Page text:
When Adam Oates was hired to coach the Washington Capitals last June, he talked about the type of system he wanted to install here in the District.
“I think in today’s game, territory is the game now,” he said then. “It’s all about territory. We call it ‘going north,’ towards the other end. It allows guys the best opportunity to do that the most times in the game. That’s why I like it.”
As an assistant to head coach Pete DeBoer, Oates helped coach the New Jersey Devils to the Stanley Cup final last spring playing that style of hockey. The Devils were 4-4-1 in October of last season, the first month in which they operated with that system.
New Jersey was 12-12-1 after 25 games. But the system eventually clicked so well that the Devils went 36-16-5 over their final 52 games, and were 14-10 under the bright spotlight and grueling two months of the Stanley Cup playoffs.
Washington has started the season at 0-2, normally nothing to fret about. But this season is a mere 48 games because of a four-month NHL lockout, and it started after abbreviated training camps bereft of exhibition games. Players aren’t in top shape after months of non-NHL activity.
Those are far from ideal circumstances for a first-time coach to install a new system, but those are the only circumstance Oates and the Caps have.
“I think they’re trying very hard,” says Oates of his players. “Obviously there are a few mistakes, a few breakdowns. But I think most of the breakdowns to me are from fatigue, not necessarily mental. I’m sure there are a couple of situations where the guys are a little cautious on when to go, but other than that I think they’ve done a great job with it.”
Tuesday’s game against Winnipeg starts a stretch in which Washington will play seven times in 11 nights. That’s not a slate that’s conducive to alleviating fatigue.
“The most troubling thing is the conditioning level,” says Oates. “Because I think part of the frustration from the players in my mind comes from the fact that they think I’m watching them making a mistake. I’m watching them being tired.
“No matter what system you’re in, if you’re tired you can’t react. Fatigue wins. That’s frustrating to me because if a guy can’t skate five feet because he is exhausted, then he is going to make a bad read or a bad decision. The machine is not on autopilot right now.”
Would rolling four lines help combat the fatigue factor?
“I would love to not be down 4-1 to do that,” declares Oates. “It’s hard to do that when we’re losing 4-1, because I want to get some guys some goals. But that might have to happen.”
When the machine gets to autopilot, it should be effective. Oates has a clearly defined identity that he wants his team to embrace.
“I want us to be a team that goes north,” he begins, “takes territory, establishes territory and keeps it. From our goalie out.”
For any team to go north and establish territory, a consistent forecheck is crucial.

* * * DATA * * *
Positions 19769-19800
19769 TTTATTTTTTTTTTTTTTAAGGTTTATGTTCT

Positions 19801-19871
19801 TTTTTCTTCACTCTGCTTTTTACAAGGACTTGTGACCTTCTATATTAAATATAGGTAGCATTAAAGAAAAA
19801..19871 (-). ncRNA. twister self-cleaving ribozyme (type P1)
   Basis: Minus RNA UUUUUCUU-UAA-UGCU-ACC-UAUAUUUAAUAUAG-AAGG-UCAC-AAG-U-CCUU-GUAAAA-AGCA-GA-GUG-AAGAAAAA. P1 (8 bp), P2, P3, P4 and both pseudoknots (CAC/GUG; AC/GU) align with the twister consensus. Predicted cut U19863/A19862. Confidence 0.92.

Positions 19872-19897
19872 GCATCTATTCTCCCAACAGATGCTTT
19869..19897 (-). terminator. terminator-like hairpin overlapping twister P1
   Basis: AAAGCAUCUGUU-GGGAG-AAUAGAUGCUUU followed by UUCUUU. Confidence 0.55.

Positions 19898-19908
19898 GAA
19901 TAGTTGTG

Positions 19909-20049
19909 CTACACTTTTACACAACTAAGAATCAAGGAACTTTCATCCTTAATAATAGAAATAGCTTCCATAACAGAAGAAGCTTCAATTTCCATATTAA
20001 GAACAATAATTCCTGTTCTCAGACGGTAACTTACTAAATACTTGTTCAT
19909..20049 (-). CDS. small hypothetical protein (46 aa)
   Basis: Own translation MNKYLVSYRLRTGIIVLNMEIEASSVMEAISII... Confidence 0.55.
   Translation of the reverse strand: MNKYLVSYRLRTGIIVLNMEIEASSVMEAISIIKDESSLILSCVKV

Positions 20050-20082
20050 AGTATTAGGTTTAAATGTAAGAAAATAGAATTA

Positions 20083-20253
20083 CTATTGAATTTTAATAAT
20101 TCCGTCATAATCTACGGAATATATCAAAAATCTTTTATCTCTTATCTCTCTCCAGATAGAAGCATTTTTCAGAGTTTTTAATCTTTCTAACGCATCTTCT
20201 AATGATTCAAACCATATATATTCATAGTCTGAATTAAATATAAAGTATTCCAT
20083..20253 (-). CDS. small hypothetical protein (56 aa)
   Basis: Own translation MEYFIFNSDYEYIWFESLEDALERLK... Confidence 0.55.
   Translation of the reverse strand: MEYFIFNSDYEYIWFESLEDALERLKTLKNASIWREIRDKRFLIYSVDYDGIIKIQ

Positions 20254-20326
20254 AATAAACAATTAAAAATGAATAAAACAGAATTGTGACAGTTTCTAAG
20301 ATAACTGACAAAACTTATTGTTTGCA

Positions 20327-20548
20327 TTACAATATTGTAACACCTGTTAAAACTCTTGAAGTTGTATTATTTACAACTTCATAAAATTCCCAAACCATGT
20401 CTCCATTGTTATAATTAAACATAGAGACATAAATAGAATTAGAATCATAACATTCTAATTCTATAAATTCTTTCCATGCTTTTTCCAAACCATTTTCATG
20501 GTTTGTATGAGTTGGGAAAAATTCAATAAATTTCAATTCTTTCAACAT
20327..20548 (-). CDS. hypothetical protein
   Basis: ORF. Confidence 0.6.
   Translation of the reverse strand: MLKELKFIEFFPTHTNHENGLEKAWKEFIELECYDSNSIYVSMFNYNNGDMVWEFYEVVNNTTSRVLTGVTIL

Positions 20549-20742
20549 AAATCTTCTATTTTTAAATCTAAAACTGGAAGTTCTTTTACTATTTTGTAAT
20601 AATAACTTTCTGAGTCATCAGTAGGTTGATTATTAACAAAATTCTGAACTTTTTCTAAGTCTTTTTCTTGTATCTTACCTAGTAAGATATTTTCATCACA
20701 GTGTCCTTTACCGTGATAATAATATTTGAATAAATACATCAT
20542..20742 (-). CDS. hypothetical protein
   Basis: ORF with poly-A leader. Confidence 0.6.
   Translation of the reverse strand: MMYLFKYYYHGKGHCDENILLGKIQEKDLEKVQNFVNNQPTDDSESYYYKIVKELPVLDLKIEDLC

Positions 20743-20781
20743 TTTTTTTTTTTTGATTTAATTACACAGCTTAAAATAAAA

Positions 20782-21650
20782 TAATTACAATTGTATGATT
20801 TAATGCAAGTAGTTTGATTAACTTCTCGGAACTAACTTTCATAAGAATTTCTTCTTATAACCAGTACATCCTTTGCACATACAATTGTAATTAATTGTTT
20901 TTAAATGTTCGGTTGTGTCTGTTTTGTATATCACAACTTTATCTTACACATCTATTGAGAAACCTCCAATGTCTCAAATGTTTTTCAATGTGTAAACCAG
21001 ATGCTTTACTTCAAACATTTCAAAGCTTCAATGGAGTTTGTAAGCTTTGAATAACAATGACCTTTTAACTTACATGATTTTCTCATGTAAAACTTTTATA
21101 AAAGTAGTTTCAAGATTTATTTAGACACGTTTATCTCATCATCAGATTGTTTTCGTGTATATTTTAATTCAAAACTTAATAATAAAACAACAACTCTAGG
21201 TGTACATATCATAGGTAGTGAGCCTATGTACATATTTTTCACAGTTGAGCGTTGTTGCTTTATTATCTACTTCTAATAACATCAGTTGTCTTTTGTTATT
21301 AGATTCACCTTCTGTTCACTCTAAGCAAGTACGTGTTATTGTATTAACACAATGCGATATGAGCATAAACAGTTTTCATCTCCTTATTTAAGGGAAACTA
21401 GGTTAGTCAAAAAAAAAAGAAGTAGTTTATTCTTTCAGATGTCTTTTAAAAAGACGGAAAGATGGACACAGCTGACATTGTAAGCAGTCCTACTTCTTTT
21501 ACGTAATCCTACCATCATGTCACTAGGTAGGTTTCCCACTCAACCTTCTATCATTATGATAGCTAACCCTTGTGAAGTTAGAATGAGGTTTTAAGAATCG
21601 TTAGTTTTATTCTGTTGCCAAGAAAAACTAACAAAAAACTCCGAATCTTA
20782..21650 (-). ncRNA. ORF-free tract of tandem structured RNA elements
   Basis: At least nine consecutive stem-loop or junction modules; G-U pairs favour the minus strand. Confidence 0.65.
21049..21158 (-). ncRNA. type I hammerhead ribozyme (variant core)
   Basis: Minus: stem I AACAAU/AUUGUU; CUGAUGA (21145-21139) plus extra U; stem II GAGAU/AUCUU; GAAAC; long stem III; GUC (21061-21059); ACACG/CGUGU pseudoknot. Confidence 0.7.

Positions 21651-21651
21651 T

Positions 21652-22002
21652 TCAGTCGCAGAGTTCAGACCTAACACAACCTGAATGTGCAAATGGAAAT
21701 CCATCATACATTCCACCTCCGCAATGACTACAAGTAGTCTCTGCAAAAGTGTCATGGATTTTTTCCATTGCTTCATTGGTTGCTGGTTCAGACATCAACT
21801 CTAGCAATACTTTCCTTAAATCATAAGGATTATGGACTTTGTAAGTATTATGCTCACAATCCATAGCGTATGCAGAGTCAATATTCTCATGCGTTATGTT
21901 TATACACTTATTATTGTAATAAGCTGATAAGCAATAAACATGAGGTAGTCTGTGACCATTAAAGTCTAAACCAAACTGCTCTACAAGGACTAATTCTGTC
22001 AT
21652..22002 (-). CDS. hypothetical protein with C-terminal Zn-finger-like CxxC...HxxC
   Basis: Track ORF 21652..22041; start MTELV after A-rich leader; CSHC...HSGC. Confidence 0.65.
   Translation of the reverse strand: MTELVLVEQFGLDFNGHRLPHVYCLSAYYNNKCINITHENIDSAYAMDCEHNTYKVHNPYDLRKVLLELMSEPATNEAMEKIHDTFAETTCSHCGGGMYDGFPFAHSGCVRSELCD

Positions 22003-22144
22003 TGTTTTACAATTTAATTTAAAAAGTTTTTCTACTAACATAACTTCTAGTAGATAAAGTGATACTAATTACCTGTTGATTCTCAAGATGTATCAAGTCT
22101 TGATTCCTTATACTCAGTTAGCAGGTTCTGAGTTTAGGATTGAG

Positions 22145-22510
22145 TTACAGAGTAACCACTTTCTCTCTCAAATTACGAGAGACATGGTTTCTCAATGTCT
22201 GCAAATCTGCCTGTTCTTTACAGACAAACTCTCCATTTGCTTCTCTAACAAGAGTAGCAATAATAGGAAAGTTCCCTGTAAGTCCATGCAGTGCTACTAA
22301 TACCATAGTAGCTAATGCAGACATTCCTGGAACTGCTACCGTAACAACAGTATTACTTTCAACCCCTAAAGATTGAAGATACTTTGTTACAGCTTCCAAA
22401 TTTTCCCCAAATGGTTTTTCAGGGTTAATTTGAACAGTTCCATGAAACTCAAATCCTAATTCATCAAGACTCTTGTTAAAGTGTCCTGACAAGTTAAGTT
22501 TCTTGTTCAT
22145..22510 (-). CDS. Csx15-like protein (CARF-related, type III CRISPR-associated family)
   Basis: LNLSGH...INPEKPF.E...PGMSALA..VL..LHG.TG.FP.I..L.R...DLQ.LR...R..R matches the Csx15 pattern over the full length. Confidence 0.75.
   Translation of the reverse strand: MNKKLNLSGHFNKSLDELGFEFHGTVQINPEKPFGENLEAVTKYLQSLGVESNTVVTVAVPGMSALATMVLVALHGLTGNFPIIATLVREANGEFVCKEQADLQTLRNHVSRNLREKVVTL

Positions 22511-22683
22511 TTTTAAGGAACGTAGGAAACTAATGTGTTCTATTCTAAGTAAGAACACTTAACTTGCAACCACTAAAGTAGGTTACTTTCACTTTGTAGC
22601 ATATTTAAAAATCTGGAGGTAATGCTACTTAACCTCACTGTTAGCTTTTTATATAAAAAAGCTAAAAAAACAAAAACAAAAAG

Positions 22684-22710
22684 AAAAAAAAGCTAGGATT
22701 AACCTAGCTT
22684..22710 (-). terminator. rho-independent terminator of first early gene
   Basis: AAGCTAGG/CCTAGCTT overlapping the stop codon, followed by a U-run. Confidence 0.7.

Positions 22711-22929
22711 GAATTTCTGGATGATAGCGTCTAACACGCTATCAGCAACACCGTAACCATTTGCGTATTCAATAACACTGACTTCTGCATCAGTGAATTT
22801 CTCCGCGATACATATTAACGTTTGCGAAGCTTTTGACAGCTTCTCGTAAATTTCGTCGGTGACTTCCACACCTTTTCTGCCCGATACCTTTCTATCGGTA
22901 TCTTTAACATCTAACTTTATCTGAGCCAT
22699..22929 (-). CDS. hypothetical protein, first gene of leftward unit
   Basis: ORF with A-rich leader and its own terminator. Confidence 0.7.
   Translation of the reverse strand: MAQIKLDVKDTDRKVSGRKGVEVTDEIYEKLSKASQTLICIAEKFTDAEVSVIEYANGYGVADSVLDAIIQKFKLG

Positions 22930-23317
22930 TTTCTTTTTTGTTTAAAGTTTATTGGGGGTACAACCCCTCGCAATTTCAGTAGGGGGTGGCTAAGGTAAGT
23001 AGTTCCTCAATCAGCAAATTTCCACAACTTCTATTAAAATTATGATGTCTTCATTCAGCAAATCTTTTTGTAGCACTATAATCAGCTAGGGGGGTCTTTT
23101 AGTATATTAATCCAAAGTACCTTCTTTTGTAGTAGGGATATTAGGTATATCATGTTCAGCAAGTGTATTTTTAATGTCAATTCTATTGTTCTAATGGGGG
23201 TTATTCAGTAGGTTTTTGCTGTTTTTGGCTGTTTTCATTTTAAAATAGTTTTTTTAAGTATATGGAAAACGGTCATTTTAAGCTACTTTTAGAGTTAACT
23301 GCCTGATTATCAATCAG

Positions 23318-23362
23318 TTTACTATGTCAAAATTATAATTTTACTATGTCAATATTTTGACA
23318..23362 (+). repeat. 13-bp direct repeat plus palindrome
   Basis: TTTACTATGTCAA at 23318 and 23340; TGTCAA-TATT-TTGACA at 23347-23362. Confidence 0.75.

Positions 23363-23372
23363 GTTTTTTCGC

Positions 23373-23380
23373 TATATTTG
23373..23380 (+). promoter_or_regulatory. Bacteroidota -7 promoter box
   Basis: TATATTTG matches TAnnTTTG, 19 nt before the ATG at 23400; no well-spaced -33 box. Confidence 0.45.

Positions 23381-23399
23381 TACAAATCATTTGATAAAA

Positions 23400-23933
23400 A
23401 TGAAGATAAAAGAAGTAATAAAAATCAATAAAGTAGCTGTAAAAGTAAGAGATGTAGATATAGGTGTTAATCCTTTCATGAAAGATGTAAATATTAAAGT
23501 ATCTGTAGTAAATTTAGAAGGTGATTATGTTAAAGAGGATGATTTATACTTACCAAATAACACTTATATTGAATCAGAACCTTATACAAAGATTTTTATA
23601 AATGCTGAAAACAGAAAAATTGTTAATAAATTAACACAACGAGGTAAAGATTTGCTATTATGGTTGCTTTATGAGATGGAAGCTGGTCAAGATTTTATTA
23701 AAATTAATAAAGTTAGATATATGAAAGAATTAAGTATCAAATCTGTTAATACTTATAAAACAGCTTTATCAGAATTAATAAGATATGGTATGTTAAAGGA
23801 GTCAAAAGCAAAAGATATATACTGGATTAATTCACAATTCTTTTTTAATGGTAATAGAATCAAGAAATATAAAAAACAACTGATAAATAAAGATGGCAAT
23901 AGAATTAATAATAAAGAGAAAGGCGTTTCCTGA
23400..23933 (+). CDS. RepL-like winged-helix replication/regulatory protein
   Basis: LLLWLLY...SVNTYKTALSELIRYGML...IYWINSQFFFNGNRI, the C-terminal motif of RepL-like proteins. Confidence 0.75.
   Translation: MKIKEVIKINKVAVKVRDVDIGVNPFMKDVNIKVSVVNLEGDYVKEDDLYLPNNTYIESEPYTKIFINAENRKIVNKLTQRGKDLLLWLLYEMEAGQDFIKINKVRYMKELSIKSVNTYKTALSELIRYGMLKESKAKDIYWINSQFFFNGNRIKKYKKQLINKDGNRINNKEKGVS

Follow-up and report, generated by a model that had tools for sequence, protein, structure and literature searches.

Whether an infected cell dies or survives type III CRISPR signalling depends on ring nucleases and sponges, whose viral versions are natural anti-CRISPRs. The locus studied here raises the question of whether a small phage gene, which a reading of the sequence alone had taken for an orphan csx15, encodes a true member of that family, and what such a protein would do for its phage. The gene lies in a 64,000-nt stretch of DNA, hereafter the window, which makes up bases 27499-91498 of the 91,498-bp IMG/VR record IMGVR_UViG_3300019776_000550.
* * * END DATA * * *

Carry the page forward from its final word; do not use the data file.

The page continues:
“I think we’re thinking too much with all the systems stuff,” says left wing Jason Chimera. “We’ve just got to go out and play. It’s still the game of hockey. It seems like we get one guy in there [on the forecheck] but then the next guys are too far behind. We’re not really creating momentum; it’s just dump it in and dump it out, dump it in and dump it out.
“You’ve got to have a sustainable forecheck, you’ve got to get all three guys going at once, not just one guys. It takes all three guys to get a good forecheck going, that’s the key.”
In addition to practice sessions, Oates has spent a great deal of time teaching in the video room.
“The video today showed that we shot ourselves in the foot territorially by our decisions,” says Oates, speaking specifically of the Winnipeg game. “We had the puck on our tape and we either made a bad pass or a bad read and we lost territory because we turned it over.
“It used to be, ‘Don’t turn it over at the offensive blueline.’ Well, that’s still one of the rules. And every time you do, they dump it in your end and you’ve got to go spend 30 seconds trying to get it out. And at this time of year when everybody’s fatigue level is so minimal, you can’t fight uphill all night long.
“We showed some clips in terms of our timing and how to come out of the [defensive] zone, which ends up being the same thing. If you’re a little bit ahead of the play, you can’t get the puck and chip it and go get it so we can get into the [offensive] zone. At the end of the day, you need the territory.”
The modified cliché for this season is: it’s not a marathon, it’s a sprint. Experts are saying that long losing streaks are death knells, nevermind that the 48-game season of 1994-95 produced playoff teams that endured harsh regular season skids. Losing streaks happen, but their significance is magnified when they occur at the start of a season.
Once the players have the Oates system down pat, the coach believes success will follow.
“I don’t think it will take that long,” says Oates. “Some of it they’ve already grasped. Hopefully we can win enough games to let that happen. The guys have to fight through it. I’ve got to fight through it watching them and not coming down on them too hard. I think it will happen and we’ll be fine.
“Part of it is believing in the system. Once the guys see some of the results and see it evolve, they’ll start liking it and growing with it. That’s kind of what happened to us last year in New Jersey. I think the guys will appreciate that.
“When you watch the video, you see yourself wide open and you don’t get the puck, but you see yourself wide open. So you can’t deny that. I’m not making that up. So once they see that and get some results from that, they’ll want to do it.”
“Once the guys get in the habit of what the reads are and where to put the puck and how it evolves, it will be the same as every system. The system is automatic; you’re not thinking, you’re reacting.”